FOA 2010 is new. The Colts are not.

Every year, the Football Outsiders publish their guide to the new season.  The Football Outsiders 2010 Almanac went on sale yesterday, and is the second most important book that a Colts fan can buy this summer.  Every serious football fan ought to give it a look.  All week, I’ll be reviewing the book to share some of the great insights they have into the Colts.

If there is one word the Outsiders would use to describe the 2010 Colts it would be “consistency”.  Quite frankly, they expect the 2010 Colts to look pretty much like every other Colts team we’ve seen for the past 5-8 years.  FOA 2010 projects the Colts as an 11.3 win team.  Top teams always project with slightly fewer wins than they actually get because most statistical models tend to pull teams back toward the ‘mean’. This is actually a fantastic projection for the Colts who typically come out slightly lower by FO numbers.  They give the Colts a 91% chance of winning at least 9 games, and a 66% chance of being a playoff contender with at least 11 wins.  They foresee the Colts as dominating the AFC South. I’ll cover what they think of our rivals next week, but let’s just say that the numbers ‘hate’ the other three teams.

The Almanac is more than just number crunching, however.  It is also a great compendium of scouting insight about all 32 NFL teams. For instance, for all the talk about how much more the 2009 Colts blitzed, they still only brought five rushers 19.9% of the time (good for 25th in the NFL) and they rushed 6 or more just 4% of the time (31st). Both of those are higher than in 2008, when the Colts blitzed a league low 9.9% of the time.  So they blitzed about twice as often, but still ranked among the least blitzing teams in the NFL.

They also detected an anomaly in the run game that I think we all noticed:

The runners got little help from their blockers, or from a philosophy that didn’t seem to mesh with last year’s personnel. The Colts were actually very effective when running between the guards, but struggled when running off either tackle or to the outside. Because of their reliance on the stretch play to set up play-action, however, they ran up the middle less often than any team except Detroit. That’s somewhat normal for the Colts. While they ran up the gut a little less than the average team in 2008, they were much closer to the bottom in 2007.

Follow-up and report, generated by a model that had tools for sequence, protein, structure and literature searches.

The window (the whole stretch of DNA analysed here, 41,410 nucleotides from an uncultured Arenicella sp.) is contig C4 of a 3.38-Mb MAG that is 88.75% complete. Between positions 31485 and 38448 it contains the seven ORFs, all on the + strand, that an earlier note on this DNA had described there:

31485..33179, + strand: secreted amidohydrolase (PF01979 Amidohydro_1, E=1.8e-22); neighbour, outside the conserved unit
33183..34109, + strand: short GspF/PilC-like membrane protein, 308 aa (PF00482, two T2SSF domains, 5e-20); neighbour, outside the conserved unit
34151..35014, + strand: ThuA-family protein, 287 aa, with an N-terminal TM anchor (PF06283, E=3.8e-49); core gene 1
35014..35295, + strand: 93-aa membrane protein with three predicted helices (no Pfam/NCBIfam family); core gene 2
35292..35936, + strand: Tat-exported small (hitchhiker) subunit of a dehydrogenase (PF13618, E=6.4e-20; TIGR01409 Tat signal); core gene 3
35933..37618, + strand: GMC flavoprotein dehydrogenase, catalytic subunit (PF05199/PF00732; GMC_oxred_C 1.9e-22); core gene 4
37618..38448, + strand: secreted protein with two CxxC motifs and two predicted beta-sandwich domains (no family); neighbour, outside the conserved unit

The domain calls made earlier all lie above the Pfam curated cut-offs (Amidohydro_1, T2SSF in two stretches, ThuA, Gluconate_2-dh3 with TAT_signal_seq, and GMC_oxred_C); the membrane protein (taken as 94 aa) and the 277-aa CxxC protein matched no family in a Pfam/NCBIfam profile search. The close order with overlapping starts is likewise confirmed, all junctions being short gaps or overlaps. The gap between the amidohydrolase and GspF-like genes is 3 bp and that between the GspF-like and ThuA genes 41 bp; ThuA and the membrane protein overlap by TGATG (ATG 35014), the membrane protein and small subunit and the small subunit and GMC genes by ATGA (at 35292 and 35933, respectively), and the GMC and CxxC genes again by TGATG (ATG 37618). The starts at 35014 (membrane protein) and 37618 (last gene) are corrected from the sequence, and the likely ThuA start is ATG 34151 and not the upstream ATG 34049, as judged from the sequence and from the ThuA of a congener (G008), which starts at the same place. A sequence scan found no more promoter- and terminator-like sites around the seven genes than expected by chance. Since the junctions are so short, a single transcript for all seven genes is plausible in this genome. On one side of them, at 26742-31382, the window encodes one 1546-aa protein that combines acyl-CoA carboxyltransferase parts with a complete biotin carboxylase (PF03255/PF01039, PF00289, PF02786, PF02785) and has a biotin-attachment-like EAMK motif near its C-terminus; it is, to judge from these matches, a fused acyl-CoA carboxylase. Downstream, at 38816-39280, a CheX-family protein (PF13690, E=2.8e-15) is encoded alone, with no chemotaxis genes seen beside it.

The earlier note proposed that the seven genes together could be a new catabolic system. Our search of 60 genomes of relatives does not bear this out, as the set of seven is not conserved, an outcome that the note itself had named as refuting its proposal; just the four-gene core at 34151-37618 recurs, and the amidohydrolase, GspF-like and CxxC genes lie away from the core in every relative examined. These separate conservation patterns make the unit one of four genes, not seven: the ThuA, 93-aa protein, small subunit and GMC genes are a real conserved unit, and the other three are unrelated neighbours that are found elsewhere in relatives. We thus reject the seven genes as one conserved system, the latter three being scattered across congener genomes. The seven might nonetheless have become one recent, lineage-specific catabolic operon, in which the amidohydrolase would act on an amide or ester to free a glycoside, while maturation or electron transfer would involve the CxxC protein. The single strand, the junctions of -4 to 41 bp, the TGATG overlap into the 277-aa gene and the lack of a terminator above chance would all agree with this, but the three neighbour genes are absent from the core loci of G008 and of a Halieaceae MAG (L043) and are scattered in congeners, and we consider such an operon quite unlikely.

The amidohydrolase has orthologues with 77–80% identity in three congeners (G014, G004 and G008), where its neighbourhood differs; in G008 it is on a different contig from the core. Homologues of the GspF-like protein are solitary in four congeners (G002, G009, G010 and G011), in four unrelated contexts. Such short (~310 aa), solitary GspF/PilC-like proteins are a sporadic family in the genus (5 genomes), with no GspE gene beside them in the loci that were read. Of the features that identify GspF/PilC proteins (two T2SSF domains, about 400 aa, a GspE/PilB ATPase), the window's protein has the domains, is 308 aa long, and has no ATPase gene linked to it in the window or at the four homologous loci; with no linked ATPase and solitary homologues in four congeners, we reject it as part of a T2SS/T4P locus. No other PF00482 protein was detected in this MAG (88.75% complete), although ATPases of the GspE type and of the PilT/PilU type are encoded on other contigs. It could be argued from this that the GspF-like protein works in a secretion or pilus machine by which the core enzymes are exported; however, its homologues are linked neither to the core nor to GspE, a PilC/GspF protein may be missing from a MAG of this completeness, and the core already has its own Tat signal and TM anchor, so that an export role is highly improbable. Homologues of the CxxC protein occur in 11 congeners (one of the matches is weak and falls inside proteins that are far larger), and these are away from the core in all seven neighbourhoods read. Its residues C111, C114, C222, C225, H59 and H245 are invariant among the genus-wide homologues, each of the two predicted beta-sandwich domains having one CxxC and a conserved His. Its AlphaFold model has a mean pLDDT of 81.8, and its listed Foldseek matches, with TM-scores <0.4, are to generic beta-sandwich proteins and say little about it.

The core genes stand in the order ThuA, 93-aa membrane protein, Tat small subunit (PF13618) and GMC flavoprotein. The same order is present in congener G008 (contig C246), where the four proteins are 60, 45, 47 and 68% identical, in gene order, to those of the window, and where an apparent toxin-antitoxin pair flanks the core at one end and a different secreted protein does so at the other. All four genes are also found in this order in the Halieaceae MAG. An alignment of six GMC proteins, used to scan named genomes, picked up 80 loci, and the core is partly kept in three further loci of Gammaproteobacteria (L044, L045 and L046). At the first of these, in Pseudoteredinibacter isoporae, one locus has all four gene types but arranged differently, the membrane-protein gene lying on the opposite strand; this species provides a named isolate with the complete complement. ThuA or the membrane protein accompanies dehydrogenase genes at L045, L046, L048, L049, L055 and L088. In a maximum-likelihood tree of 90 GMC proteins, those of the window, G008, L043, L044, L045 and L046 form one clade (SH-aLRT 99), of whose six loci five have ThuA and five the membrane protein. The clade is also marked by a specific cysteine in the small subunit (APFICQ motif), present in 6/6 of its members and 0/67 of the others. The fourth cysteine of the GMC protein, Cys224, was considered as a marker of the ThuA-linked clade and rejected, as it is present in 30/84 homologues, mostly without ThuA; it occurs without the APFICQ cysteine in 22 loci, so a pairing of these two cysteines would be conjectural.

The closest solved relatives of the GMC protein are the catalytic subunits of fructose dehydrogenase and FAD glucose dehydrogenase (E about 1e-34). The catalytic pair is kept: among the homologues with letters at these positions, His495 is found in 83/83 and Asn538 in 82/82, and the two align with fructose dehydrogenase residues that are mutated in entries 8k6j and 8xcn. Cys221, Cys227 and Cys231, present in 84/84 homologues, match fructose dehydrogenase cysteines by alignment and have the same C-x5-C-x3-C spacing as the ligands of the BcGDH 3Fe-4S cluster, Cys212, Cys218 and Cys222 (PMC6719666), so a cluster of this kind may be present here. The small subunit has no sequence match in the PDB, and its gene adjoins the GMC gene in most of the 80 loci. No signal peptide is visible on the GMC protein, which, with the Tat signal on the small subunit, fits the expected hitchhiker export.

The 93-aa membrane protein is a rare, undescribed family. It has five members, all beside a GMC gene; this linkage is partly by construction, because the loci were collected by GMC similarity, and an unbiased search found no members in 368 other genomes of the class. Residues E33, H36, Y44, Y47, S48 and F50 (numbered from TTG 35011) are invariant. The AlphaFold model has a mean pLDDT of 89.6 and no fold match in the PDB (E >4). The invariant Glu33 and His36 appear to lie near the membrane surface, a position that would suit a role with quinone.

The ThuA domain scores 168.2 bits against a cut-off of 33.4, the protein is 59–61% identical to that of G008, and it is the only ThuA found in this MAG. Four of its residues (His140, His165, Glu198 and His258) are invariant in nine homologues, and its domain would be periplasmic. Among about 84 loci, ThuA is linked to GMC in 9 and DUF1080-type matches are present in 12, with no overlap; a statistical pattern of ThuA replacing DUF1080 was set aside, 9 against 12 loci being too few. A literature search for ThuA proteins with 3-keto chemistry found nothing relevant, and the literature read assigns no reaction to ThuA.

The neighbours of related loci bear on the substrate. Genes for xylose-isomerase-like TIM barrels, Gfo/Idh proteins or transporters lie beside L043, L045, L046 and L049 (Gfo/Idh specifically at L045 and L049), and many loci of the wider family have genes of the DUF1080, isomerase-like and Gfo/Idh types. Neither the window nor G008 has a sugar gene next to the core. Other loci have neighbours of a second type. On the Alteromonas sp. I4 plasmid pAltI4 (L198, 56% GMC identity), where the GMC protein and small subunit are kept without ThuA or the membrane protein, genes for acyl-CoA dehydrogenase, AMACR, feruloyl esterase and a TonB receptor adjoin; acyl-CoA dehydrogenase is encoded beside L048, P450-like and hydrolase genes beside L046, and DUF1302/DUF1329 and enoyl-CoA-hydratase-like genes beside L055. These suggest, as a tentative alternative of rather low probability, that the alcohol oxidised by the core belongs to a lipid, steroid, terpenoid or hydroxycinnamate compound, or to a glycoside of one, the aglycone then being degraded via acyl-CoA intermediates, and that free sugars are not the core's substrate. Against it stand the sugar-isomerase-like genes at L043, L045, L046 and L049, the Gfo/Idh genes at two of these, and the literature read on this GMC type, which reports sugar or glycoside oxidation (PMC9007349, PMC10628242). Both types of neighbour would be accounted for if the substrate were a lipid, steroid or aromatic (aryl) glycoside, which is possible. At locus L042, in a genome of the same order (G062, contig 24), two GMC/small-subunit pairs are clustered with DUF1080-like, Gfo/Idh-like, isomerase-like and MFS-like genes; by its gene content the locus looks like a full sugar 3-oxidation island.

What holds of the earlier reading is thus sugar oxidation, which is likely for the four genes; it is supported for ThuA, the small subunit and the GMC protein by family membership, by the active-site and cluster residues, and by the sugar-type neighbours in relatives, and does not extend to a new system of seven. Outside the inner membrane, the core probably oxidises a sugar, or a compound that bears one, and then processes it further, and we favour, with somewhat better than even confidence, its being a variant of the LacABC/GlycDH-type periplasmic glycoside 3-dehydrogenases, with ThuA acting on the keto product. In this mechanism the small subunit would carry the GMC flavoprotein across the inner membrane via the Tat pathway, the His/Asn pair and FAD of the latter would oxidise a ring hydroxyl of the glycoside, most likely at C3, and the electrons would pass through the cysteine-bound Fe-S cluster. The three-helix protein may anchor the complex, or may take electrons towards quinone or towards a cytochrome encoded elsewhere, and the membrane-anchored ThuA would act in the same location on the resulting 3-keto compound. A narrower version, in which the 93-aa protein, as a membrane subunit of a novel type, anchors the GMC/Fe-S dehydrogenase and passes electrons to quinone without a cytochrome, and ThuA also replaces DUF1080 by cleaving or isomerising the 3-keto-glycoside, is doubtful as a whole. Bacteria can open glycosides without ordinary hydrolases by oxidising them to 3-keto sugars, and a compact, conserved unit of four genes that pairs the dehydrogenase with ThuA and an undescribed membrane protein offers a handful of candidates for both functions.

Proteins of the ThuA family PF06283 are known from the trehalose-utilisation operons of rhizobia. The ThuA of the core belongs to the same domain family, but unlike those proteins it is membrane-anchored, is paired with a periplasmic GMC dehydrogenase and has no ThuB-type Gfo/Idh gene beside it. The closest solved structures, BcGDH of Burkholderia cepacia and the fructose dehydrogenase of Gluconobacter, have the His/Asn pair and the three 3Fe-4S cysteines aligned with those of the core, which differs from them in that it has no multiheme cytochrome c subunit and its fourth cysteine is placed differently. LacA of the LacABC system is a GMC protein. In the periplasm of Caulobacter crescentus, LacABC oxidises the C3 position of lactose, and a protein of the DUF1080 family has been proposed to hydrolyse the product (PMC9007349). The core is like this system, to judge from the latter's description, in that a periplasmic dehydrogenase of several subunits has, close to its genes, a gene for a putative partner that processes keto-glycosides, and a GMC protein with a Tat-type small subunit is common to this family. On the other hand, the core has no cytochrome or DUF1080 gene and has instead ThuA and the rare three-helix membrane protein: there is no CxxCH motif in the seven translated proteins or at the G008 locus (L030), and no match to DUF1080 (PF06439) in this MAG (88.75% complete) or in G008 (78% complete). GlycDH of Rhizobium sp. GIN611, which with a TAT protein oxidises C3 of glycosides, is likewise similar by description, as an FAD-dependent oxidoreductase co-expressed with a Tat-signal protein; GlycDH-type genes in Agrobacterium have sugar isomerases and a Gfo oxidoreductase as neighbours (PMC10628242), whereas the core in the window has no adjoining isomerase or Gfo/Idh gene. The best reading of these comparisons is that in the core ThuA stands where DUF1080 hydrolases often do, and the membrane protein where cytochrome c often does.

The Colts couldn’t run outside at all in 2009.  The tackle play just wasn’t up to it.

Monday, I’ll take a look at what the Outsiders say about the offense.  On Tuesday, we’ll look at the defense.  On Wednesday, specific players.  On Thursday, we’ll look at the rest of the AFC South.  Finally, we’ll look at what they say about local colleges a week from today.  It’s FOA week…one of the best weeks of the year!  Seriously go buy this book.  Actually, buy mine first.  Then go buy this one.

In summary, the Almanac foresees more of the same for the Colts:

You may have noticed that this chapter focuses almost entirely on the 2009 Colts, while most of the team chapters in Football Outsiders Almanac 2010 are focused on where teams are going in 2010. That’s because the 2010 Colts are the 2009 Colts. And the 2008 Colts, and the 2007 Colts, and the 2006 Colts. They have the same philosophy on both sides of the ball and another easy schedule, with none of their division rivals projected over 7.0 mean wins. Once again, there will be a lot of 31-24 wins, a division title, and a game full of backups in Week 17. The Colts will be good enough to win the Super Bowl if they play well, but not so good that they can afford to make mistakes in the playoffs. As long as Peyton Manning is under center and somebody named Polian is running the front office, there’s no reason to expect any change — or any losing seasons.

I’ll take it.

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